Who sings the song Beat Boy
Millie Smalls song MY BOY LOLLIPOP was released in 1964 and became the first major international sales success of Jamaican pop music.
I. History of origin
MY BOY LOLLIPOP is a cover version of the song “My Boy Lollypop” released in 1956 by R&B singer Barbie Gaye on Darl Records. The song was written by Robert Spencer, who was a member of the doo-wop group The Cadillacs at the time. The title was originally supposed to be “My Girl Lollypop”, which is why the song was probably initially intended for the vocal group itself or at least for a male singer. Finally, the then London-based owner of the Island Records label, Chris Blackwell, decided on a new edition that should be sung by the Jamaican Millie Small. According to Blackwell, he discovered the song while on business in New York and intended it for sale to Jamaican sound systems - mobile open-air discos - but ultimately decided to produce a new version after Millie Small was already on the British music market had tried to establish. The Jamaican jazz guitarist Ernest Ranglin was entrusted with working out a new arrangement, while the recordings were exclusively made by the British musicians of the blues band The Five Dimensions (cf. Stratton 2014: 51-52).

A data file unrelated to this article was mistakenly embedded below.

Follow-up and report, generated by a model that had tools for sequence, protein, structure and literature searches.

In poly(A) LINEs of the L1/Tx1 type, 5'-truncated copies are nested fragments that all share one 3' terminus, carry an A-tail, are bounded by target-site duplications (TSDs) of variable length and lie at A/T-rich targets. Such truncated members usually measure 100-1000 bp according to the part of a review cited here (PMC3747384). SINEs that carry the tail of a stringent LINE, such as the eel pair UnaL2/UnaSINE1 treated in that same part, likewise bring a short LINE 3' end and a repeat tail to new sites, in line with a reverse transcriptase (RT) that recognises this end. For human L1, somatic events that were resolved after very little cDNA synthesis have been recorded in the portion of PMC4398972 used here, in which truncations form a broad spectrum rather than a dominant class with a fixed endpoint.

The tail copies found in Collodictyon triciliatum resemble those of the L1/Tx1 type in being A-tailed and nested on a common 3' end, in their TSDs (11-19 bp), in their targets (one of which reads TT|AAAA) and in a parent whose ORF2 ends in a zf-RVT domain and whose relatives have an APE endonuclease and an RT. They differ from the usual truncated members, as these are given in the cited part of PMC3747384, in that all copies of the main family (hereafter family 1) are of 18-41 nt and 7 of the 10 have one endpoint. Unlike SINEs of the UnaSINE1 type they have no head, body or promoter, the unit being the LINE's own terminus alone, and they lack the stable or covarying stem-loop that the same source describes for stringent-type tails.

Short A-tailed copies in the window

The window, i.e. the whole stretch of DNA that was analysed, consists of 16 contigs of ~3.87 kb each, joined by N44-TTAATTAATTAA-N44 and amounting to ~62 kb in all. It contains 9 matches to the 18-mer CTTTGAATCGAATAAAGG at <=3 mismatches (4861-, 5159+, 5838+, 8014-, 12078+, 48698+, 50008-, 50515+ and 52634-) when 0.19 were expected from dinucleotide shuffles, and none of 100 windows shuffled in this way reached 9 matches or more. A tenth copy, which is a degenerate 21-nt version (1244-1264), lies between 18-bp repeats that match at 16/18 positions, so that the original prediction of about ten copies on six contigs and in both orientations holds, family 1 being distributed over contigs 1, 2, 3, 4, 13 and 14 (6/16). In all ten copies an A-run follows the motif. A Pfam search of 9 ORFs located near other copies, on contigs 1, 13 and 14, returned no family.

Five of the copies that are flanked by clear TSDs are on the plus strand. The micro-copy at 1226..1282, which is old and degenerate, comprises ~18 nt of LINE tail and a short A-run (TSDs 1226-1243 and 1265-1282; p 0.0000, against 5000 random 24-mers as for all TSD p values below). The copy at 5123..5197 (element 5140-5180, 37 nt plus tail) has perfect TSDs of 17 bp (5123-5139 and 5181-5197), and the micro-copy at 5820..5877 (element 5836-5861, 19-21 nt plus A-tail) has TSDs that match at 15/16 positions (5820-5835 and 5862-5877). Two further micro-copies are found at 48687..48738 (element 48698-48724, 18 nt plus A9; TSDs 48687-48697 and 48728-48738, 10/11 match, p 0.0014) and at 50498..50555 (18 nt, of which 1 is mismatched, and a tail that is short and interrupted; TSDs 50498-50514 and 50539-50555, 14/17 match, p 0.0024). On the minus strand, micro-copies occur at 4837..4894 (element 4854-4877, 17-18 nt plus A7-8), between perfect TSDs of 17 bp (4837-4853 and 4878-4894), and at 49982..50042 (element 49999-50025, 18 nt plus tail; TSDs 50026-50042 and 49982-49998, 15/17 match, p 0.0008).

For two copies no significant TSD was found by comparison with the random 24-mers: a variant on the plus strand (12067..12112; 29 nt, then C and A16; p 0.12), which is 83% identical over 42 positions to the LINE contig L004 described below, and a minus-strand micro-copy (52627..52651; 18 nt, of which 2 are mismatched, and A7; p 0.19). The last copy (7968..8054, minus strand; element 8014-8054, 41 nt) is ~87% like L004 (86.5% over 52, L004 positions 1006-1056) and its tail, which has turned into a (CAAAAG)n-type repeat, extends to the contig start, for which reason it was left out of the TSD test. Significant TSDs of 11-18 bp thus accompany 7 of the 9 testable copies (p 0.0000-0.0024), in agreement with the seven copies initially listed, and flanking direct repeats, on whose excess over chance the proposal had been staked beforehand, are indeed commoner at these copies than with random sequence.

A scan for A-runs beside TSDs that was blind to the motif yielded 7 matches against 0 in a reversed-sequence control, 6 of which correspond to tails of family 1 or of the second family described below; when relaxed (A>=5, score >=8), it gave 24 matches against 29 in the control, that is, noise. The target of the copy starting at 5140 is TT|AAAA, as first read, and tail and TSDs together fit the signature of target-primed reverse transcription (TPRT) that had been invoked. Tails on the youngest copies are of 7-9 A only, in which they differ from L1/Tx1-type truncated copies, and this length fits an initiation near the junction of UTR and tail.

The song MY BOY LOLLIPOP marked a high point in the commercial success of Jamaican music in Great Britain, but benefited from cultural interrelationships that had existed between the two countries for several years at the time. In the 1950s, the number of Caribbean immigrants in Great Britain increased steadily, elements of musical culture were appropriated, and the Jamaican music industry benefited from the resulting new market. When ska developed in Jamaica in the early 1960s, Jamaican musicians such as Ernest Ranglin, Jackie Edwards and Laurel Aitken were already playing a role in the London music scene (cf. Barrow / Dalton 1997: 325 f.). In 1964, in addition to MY BOY LOLLIPOP, other songs were placed in the British charts, which are attested to be close to the styles of Jamaican Ska: “Mockin 'Bird Hill” by Migil 5, Ezz Reco's cover of the Jimmy Cliff song “King of Kings ”(Cf. Bradley 2003: 146) and Georgie Fames“ Yeh Yeh ”(cf. Stratton 2014: 37). Nevertheless, Millie Small was the first to succeed in making a song of this still young style an international success. Producer Chris Blackwell played a crucial role in this context: he had to face the challenge of doing targeted intercultural mediation work for the benefit of commercial success and bringing Jamaican Millie Small closer to European listeners.